Are you looking to support Latinx creatives? Do you want to wear pieces that showcase aspects of Latinx identities and cultures? Yes and yes, right? After all, Latinx-owned fashion brands are important, since they represent the fact that there's a significant—and growing—Latinx population in the United States, and representation matters. So check out the following 17 brands that'll help you represent in style.
Based in California and founded by Jessica Resendiz, Raggedy Tiff allows you to shop everything from bleeding heart shirts to luna tops and rosas y recuerdos tees. Are there also tons of accessories? Check!
You get a pin! You get a pin! Everybody gets a pin—or a tote, print, or postcard—at this store founded by writer and artist Emerald Pellot. If you love Beyoncé and Cardi B (which, I know you do), there are plenty of pieces here to spend your coins on.
Family-owned and perfect for adults looking to match their clothing with what the kids in their lives wear, Spanglish Threadz allows the whole family to look fresh at the same time.
From jean jackets with the virgencita on them to motherland necklaces, you can find a variety of styles to include in your casual #ootd. You’ll have your Instagram followers jealous and wanting to buy from “Your Mother’s Daughter” or “Hija de tu Madre,” too.
Known as Cuba’s first clothing brand to sell online, designs are made in Cuba, though the pieces are manufactured and sold in the United States. Launched by designers Idania Del Rio and Leire Fernández, this brand allows you to show Cuban pride in style.
Are you looking for t-shirts with messages encouraging you to “give all the damns” or be politically active? Interested in giving back to good causes while you shop? Enter Rabble and Rouse, an Atlanta shop that donates 20 percent of its profits to nonprofit organizations.
You'll find tops, bottoms, and accessories influenced by Chicanx culture at this shop whose name roughly translates to “That Crazy Woman.” Yes, please!
Inspired by and honoring indigenous textile artistry from Ecuador, Bruja Feminism was created by Salome Egas, an Ecuadorian in New York. The shop has different pieces like shawls, pants, and sweaters that’ll add color to any outfit and are designed by Otavalo indigenous women. “Bruja” means “witch” in Spanish, and these pieces might just put a spell on you.
Founded by artist M. Tony Peralta, a New York native with Dominican roots, the Peralta Project includes menswear and womenswear, hats, keychains, and pins. Make sure to check out the rolos and icons posters and tees featuring legends like Selena Quintanilla, La Lupe, Frida Kahlo, and Celia Cruz.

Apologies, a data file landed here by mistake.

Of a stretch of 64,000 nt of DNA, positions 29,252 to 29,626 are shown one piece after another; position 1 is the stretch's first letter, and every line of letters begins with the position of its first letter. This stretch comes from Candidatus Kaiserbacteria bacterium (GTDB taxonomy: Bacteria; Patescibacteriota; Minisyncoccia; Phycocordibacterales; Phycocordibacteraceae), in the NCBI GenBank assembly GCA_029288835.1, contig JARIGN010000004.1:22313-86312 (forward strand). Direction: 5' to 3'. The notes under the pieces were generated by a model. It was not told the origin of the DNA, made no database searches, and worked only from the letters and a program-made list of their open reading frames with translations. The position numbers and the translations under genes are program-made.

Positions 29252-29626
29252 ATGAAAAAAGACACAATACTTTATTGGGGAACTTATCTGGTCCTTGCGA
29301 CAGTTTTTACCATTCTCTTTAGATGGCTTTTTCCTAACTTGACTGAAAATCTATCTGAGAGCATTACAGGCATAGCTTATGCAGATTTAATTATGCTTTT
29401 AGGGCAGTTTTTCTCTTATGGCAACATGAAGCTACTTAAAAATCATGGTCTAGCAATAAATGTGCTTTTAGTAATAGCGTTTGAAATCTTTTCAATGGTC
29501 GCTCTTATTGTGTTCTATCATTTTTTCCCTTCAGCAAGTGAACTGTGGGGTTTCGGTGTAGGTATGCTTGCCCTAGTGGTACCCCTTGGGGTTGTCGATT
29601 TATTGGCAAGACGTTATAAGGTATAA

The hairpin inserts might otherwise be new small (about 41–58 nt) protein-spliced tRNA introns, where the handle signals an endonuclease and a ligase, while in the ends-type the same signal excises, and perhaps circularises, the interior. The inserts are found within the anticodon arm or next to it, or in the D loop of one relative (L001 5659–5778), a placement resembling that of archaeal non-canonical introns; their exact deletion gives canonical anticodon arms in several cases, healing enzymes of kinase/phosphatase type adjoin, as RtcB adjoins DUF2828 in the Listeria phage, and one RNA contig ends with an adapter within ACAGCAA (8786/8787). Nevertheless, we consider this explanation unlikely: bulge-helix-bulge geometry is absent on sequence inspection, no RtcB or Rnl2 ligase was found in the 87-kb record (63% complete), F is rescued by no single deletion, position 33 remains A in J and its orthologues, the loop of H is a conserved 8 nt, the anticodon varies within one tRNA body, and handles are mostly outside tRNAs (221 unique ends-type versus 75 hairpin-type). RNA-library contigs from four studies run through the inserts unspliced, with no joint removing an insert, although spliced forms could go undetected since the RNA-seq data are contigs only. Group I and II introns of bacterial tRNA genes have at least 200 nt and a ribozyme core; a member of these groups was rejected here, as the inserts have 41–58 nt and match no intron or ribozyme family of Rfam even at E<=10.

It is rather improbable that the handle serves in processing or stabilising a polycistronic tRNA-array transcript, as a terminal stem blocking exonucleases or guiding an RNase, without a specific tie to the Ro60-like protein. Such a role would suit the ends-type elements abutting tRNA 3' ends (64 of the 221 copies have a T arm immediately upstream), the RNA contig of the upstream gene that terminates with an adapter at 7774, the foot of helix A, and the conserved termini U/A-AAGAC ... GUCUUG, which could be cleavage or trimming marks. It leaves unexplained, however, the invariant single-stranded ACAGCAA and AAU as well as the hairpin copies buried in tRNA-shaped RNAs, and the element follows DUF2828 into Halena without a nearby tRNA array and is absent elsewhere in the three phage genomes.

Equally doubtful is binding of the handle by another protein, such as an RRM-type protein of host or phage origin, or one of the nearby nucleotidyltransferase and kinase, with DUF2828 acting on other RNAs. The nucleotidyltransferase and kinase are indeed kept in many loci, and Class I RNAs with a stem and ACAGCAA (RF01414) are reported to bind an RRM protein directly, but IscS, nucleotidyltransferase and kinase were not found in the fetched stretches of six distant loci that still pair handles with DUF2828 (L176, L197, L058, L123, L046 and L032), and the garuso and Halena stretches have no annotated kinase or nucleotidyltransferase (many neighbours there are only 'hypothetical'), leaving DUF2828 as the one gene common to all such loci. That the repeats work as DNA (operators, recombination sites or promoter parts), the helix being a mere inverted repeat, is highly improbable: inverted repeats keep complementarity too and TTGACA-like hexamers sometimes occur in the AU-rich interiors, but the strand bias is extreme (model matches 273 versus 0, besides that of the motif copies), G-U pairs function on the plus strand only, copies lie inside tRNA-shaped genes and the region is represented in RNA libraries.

Twin designers Coco and Breezy’s eyewear is fly-wear, featuring a collection of frames found in more than 100 stores internationally. Their specs have been worn by the late, great Prince and Demi Lovato and Rihanna, among other performers.
Celebrating body-positivity and declaring that “Brown is Beautiful” on her shirts, Nalgona Positive Shop founder, Gloria Lucas, has created a platform beyond her Etsy shop called Nalgona Positivity Pride. Come for the clothing, stay for the messages of self-love.
Located in Los Angeles, Mi Vida offers apparel, stickers, candles, and other goodies, including these fun "Chula" earrings.
Multi-stone rings, hoop earrings, and necklaces with pendants are some of the delicate pieces available from this Puerto Rican jewelry designer. Buy enough gold pieces and you’ll be channeling Walter Mercado. Almost.
Is your outfit really complete without the right accessories? Home to pieces like visors and neckerchiefs, Carolina Rodriguez helps you add that final touch to make your look a 10 out of 10.
You’ve probably seen the “Why Be Racist When You Could Just Be Quiet” t-shirt Frank Ocean wore at Panorama Music Festival. Well, it comes from this store founded by Kayla Robinson. With messages like “Pizza Rolls Not Gender Roles” and “Not Here For Your Eurocentric Beauty Standards,” the shop's clothing makes the kind of important statements you'll want to share with the world.
Find shirts that show you’re familia with graphic renditions of “Hermana,” “Abue,” and “Papá,” among others. The apparel is kid-friendly and inspired by the owner’s own children, but style-wise, you can wear the pieces at any age.